The author of a study commissioned by the Ministry of Justice that will be published next week on the characteristics of people convicted of drug dealing, Boiteux stated that 66.4% of those arrested for drug dealing had no prior criminal record; 91.9% were caught in the act; 60.8% were acting alone, that means not associated with any criminal groups; 14.1% were carrying a weapon and 83.9% were male. Furthermore, her research revealed that 58% of those arrested for this crime were sentenced to five years of prison. In many cases the maximum sentence was awarded more because of the judge’s personal prejudice than an actual justification for doing so. In most cases the accused is stigmatized for living in a favela (slum) and it’s assumed that he is involved with a criminal group that is active in that area.
“We need to study who these young people are; they are not being given a choice of an alternative sentence or some way to involve them in the labor market. Quite the contrary, they will leave prison stigmatized and more likely to commit crimes”, confirmed Boiteux.
Graciela Touze, representative of the Argentinean organization Intercambios, noted a similar situation in Argentina, where most people convicted of dealing drugs are young men with no prior criminal record, who were arrested in public, unarmed, in possession of minor quantities of drugs and are convicted to the full extent of the law.
Other international guests spoke of new measures that are being implemented elsewhere. Journalist Glen Greenwald mentioned the decriminalization of drug use in Portugal eight years ago, which has resulted in a decrease in drug use as well as an improvement in public security stats.
Peruvian lawyer Ricardo Soberón explained several initiatives undertaken in the Andes region, such as a pardon for approximately 3000 small-scale drug dealers in Ecuador, as part of a policy to persecute large-scale drug dealers instead of imprisoning those who are responsible for the distribution of small quantities.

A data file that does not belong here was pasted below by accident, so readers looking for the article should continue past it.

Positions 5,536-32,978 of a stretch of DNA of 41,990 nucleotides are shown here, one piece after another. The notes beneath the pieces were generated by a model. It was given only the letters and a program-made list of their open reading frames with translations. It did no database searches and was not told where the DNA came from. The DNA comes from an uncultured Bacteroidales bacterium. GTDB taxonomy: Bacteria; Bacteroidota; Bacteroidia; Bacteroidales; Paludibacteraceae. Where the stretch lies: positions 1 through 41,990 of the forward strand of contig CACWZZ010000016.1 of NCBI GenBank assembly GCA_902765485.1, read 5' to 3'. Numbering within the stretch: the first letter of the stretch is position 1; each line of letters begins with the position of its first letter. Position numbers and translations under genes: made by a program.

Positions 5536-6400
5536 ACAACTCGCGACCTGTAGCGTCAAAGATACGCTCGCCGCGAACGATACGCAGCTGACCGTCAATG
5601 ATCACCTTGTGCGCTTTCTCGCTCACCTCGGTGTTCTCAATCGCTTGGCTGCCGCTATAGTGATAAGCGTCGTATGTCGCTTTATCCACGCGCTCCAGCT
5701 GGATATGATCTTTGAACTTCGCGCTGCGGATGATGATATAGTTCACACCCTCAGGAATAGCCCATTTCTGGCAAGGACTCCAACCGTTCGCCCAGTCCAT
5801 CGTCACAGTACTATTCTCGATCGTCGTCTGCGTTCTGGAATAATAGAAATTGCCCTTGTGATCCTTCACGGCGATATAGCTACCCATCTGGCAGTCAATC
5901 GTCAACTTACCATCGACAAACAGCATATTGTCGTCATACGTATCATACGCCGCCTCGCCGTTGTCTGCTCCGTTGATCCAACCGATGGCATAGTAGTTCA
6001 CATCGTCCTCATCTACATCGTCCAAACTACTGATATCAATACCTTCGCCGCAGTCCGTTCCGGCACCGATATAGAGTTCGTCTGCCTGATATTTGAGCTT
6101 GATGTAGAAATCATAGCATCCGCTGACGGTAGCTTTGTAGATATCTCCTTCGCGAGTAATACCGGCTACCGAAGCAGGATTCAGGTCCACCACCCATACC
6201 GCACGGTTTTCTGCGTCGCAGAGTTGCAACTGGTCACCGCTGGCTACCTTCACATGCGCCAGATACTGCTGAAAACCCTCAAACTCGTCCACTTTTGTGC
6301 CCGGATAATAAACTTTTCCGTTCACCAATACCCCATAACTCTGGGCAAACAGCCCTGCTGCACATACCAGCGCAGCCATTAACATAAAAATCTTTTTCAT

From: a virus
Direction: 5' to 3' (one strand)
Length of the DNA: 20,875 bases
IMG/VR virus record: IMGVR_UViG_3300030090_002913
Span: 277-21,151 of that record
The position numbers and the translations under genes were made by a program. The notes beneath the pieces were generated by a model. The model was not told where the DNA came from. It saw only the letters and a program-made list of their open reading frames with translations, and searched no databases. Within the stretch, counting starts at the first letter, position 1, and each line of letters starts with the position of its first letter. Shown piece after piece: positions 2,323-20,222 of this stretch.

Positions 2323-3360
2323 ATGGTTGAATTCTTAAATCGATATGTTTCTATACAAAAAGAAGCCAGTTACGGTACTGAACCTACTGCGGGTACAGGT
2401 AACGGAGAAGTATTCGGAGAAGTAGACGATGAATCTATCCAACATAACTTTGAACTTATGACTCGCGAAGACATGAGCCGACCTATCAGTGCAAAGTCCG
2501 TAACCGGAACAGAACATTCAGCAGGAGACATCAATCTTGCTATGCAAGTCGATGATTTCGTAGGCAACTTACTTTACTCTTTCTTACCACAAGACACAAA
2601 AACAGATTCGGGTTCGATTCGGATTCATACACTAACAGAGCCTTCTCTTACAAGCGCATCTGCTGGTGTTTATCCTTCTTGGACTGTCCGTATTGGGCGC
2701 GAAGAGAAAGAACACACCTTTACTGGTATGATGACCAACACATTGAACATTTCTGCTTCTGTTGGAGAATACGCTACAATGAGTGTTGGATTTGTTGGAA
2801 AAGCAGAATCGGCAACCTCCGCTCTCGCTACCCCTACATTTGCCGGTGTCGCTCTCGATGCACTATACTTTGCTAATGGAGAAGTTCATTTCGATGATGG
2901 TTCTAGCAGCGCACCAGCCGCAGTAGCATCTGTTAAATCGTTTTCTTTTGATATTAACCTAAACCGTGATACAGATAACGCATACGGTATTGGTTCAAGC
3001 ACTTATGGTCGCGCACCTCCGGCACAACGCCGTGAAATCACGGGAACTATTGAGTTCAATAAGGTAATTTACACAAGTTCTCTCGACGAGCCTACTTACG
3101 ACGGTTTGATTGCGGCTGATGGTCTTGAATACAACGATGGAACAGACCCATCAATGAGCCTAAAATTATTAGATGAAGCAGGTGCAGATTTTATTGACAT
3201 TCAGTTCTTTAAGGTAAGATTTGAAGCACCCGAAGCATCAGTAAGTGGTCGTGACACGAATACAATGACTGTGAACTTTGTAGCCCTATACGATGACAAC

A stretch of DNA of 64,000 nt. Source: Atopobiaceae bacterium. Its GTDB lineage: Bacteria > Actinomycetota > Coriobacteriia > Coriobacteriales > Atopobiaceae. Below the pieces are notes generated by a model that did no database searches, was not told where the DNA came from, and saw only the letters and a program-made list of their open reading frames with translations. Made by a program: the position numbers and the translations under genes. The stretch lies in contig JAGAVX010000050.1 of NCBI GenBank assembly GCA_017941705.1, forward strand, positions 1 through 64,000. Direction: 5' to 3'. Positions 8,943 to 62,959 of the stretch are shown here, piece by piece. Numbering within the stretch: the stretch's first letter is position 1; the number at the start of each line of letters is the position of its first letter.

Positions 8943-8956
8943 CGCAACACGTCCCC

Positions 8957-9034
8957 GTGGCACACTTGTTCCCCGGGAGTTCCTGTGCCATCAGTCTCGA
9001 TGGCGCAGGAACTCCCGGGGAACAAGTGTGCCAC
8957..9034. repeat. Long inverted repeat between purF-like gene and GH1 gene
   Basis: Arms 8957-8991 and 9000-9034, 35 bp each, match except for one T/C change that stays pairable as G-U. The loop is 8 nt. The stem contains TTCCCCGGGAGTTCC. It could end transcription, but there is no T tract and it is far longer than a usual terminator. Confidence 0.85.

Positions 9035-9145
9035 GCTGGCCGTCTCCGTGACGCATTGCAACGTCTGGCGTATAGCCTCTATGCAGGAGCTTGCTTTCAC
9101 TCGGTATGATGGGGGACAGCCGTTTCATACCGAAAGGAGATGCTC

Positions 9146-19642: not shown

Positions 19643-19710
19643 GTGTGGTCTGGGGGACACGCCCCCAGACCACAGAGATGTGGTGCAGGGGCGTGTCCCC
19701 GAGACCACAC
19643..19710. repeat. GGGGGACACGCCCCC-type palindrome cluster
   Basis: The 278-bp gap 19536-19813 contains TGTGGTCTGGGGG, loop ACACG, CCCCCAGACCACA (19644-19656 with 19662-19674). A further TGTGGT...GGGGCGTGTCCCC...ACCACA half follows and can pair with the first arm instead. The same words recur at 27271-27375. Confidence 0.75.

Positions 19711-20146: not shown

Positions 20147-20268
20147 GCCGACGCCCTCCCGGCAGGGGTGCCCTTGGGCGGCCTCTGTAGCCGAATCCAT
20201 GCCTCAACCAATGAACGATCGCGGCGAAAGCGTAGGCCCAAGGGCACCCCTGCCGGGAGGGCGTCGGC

Ready for Action
In order to transform these discussions into concrete proposals or recommendations that can reach a greater audience, the second part of the seminar included a workshop in which the participants discussed a series of ideas to create a list of principles and guidelines to be presented to Conseg.
The first recommended principle is to adopt a systematic view on drug policies; a view that approaches the issue from an interdisciplinary perspective and that includes healthcare, education, justice and police in its joint implementation efforts.
Other principles include the respect for human rights. All participants agreed that any drug policy needs to include a focus on human rights. Furthermore, scientific research is required to move away from purely speculative discussions and provide a basis for a well-informed and rational debate.
The workshop participants also stated that prevention should be a fundamental component of any drug policy and that the UN premise for a “world free of drugs” is a completely utopian ideal. Instead, resources and efforts should be used effectively to prevent the abuse of narcotic drugs.
The group recommended some of the following guidelines for implementing these principles: value local knowledge in developing drug policies; train and educate professionals who work with drugs; respect cultural diversity; promote a broad discussion in society; demilitarize actions and approaches; expand the range of alternative sentences and conditional sentences and reduce prison sentences; expand strategies for harm reduction and create organizations to research the issue and reintegrate drug addicts into society.
These proposals are being made at a crucial time for change. Rubem Cesar Fernandes, executive director of Viva Rio, explained that the international debate is open to change; the recent divide that emerged in the consensus among the members of the UN Commission on Narcotic Drugs is evidence of changing times. Fernandes also noted that several changes are occurring across the region that will be implemented step by step, in terms of addressing the issues and in terms of what is happening within each region. This seminar and its recommendations to Conseg signal some of the changes that are occurring in Brazil.